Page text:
But Greg Matson, director of SSD strategic planning and product marketing at Intel, said Intel will push the Enterprise & Datacenter SSD Form Factor (EDSFF) 1U Long and 1U Short as the “preferred and optimized” form factors for 3D NAND SSD bulk storage this year. Intel introduced the early version of the EDSFF SSDs as the ruler form factor at last year’s Flash Memory Summit and then worked to get EDSFF standardized.
Matson said 1U Long SSDs allow massive capacity scaling, and the EDSFF SSDs are PCIe 4.0- and PCIe 5.0-ready and support up to 16 lanes.
“While we think U.2 is a pretty darn good form factor for storage, it’s not as good as EDSFF,” Matson said. “We can make much more thermally efficient platforms requiring about half the airflow, and about half the airflow is also less than power than the U.2 form factors.”
Matson said three of the four major drive suppliers and several “tier 1” ODMs and OEMs, including Quanta and Supermicro, support EDSFF. He noted that Intel has already shipped ruler SSDs to IBM Cloud and Tencent, one of the largest cloud service providers in China.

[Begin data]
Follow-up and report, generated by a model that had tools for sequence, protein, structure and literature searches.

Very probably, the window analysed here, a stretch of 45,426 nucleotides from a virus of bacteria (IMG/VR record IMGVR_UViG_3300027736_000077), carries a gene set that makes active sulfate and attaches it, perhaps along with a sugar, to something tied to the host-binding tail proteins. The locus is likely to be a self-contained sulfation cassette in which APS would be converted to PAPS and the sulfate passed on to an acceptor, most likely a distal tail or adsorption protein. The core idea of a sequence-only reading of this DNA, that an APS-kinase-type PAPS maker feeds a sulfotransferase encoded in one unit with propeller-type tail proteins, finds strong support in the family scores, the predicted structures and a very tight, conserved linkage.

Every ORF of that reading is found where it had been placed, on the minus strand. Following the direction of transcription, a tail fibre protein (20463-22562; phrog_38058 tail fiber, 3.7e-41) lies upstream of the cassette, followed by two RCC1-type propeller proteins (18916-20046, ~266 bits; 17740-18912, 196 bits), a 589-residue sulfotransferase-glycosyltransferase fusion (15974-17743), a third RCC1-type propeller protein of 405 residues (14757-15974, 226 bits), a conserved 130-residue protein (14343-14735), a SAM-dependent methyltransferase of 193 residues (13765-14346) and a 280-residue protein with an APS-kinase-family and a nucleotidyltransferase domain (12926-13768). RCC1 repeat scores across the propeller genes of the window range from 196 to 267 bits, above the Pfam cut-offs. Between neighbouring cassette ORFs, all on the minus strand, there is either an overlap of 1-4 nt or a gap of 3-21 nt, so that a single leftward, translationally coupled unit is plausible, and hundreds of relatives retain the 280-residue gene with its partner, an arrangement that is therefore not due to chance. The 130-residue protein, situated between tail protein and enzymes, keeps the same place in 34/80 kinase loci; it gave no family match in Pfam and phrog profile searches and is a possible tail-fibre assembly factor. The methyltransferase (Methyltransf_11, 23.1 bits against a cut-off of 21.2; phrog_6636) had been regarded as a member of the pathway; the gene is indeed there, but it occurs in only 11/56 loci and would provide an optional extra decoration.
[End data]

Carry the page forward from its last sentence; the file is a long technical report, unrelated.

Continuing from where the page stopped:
NetApp attributed strong product revenue growth last quarter in part to two-a-days – it’s averaging two displacements of rivals’ all-flash SAN systems every day.
Success in NetApp cloud and flash sales fueled a strong quarter, as revenue increased eight percent year-over-year to $1.52 billion. Product revenue of $920 million increased 17% over last year.
On NetApp’s earnings call Wednesday night, CEO George Kurian said the vendor made solid gains with its all-flash arrays, including NetApp FAS, EF and SolidFire storage. Annualized net revenue from all-flash jumped nearly 50% to $2 billion.
Demand for all-flash FlexPod – sold with partner Cisco’s compute and networking — helped to boost converged infrastructure sales by 50%.